Street to ADV: What Gear Do I Need?
Now that you’ve got your riding types and bike choices covered, it’s time to talk about gear. You already have your street riding gear; do you need anything specific for adventure riding?
Yes, absolutely. Again, adventure motorcycling means riding dirt, and riding dirt may mean involuntary landings on all sorts of different terrain – which is why you need good protection.
Adventure riding gear is typically textile-based, GoreTex-reinforced, four-season gear with knee, hip, back, elbow, and shoulder protection made of abrasion and tear-resistant fabrics. When it comes to women’s adventure riding gear, look at brands like Klim which have a decent women’s gear lineup and offer superb quality and durability.
Dirt bike riding gear is usually modular gear – knee braces or pads and body armor paired with lightweight dirt pants and jerseys. Dirt riding armor offers more protection than adventure riding gear, and it’s aimed at riders tackling more technical terrain.
ADV and dirt bike helmets differ from street riding helmets by design and function. Most adventure and dirt riding helmets have a peak that protects you from sunlight as well as tree branches or anything else that might hit you in the face while riding forest trails. Most ADV and dirt bike helmets can be paired with goggles for extra eye protection, and some have extra sun visors for more comfort.
Do you need ADV or dirt riding gear to transition from street to adventure riding? Again, that depends on the type of riding you’ll do, but a set of good-quality, protective adventure motorcycle gear is always a good place to start.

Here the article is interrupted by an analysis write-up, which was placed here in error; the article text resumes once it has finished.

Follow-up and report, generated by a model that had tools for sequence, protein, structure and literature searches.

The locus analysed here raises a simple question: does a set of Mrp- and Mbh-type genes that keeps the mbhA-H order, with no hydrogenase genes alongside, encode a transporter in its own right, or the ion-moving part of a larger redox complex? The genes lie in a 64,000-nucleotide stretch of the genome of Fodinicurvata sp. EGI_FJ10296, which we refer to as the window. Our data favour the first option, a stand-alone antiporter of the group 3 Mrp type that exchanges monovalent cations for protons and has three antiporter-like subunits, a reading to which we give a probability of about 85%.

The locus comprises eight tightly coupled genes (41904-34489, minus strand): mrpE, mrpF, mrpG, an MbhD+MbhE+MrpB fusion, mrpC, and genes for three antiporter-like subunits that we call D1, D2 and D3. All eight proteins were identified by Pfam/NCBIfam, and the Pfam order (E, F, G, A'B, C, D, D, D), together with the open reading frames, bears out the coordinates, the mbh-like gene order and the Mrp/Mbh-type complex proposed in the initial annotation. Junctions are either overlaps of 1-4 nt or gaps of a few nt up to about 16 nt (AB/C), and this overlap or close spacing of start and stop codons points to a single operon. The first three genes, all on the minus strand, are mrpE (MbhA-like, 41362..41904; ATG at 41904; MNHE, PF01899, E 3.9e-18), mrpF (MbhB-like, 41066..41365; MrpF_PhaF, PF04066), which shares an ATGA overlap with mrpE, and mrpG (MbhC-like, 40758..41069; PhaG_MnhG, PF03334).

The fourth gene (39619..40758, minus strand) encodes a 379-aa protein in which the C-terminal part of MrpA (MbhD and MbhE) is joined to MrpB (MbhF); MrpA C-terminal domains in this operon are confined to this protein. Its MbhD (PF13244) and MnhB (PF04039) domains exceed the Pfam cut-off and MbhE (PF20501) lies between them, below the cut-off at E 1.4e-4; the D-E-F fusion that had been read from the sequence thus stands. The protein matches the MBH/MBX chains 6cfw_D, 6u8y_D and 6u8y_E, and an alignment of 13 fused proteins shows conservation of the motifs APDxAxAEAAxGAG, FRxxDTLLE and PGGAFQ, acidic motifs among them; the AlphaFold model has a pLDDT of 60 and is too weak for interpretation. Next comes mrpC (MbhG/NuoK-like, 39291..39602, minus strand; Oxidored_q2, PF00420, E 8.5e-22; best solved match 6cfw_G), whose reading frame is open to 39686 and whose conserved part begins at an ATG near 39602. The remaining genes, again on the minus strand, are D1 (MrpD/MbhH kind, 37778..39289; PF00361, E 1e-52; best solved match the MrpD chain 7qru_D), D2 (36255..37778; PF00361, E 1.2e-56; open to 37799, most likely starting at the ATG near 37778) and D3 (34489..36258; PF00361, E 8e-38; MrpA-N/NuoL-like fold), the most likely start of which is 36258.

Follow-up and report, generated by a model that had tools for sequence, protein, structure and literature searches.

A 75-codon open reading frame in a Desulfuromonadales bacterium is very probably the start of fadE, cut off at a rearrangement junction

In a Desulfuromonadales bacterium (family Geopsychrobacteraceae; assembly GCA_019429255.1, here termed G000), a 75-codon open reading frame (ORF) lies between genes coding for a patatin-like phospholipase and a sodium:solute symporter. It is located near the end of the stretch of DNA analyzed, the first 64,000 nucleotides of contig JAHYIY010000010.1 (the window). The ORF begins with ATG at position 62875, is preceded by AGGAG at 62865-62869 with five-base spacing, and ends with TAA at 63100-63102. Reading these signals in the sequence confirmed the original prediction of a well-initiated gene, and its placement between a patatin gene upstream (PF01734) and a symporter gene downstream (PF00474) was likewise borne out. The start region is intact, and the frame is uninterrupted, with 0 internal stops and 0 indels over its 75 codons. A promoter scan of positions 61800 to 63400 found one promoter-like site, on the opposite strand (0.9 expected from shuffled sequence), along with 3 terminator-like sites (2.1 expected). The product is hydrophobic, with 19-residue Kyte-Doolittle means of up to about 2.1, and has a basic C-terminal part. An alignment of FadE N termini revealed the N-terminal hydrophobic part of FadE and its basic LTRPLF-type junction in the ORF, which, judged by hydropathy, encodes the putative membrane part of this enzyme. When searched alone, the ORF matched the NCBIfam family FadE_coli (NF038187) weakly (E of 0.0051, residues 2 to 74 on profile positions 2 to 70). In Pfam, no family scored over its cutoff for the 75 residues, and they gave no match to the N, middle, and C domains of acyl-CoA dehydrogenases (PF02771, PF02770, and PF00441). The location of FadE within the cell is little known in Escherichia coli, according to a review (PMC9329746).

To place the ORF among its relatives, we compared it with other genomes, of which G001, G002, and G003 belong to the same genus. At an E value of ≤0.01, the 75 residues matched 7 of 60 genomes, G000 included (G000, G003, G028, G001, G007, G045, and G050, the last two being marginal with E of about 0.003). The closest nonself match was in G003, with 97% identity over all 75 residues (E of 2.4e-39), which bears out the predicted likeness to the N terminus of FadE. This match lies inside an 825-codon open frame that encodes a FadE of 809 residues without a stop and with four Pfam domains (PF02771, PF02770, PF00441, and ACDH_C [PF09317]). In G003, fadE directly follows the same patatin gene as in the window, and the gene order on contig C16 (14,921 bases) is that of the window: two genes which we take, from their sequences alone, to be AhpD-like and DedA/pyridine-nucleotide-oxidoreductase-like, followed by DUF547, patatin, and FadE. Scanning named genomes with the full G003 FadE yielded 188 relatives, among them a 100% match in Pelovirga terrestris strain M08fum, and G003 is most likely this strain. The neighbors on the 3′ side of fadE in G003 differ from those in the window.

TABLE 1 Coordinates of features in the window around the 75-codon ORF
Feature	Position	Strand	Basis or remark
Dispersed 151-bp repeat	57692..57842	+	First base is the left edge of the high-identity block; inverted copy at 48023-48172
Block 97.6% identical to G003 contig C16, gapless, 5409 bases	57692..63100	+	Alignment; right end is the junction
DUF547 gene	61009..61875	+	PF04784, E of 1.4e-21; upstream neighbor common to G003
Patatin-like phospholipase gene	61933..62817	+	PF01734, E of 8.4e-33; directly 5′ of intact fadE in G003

Riding Technique: What’s Different Riding Street vs Dirt?
If you’re an experienced street rider, is it going to be easy to learn to ride dirt? Yes and no. On the one hand, you already have a solid set of skills, you’re confident on two wheels, and you don’t need to start from the very basics. That’s a huge bonus.
However, there’s one key difference between street and dirt riding: traction. On paved roads, your tires grip the surface providing plenty of traction, which is why you can lean into corners at speed without fear of falling over and maneuver easily.
On dirt, however, you lose a lot of that grip. If it’s hard-packed dirt (for example, graded farm roads), the loss of grip and traction is minimal, and you can pretty much ride it as you would tarmac. Loose surfaces, on the other hand (think fine gravel, sand, or mud) mean a significant loss of grip and traction.
To make up for it, you’ll need to master a new riding technique that’s all about balance, body position, and momentum.
In addition (and because of the loose surfaces), when you venture off-road, your motorcycle is going to move underneath you. It feels unnerving at first: as a street rider, you’re used to the bike being smooth, stable, and steady. On dirt, the bike is going to move, skid, and slide underneath you to a bigger or lesser extent. That’s OK! You heard us right – it’s perfectly normal; riding dirt is all about accepting that movement and learning to go with it rather than against it. At first, it may feel like going against everything you know, but once that switch happens in your brain, you’ll soon find riding dirt is a lot easier than it felt at the start – and, most importantly, you’ll be having a ton of fun in the process.
Transitioning to Dirt: Basic Techniques
Okay, so you’ve got less grip and traction, and your bike is going to move underneath you. How do you ride the thing, then? Ideally, it’s best to take training courses or go on a training tour so you can build a good foundation assisted by a professional off-road coach. Training is key to start enjoying adventure riding faster (and safer!), and professional instructors will teach you more than any blog post, YouTube video, or friends’ advice could ever come close to doing.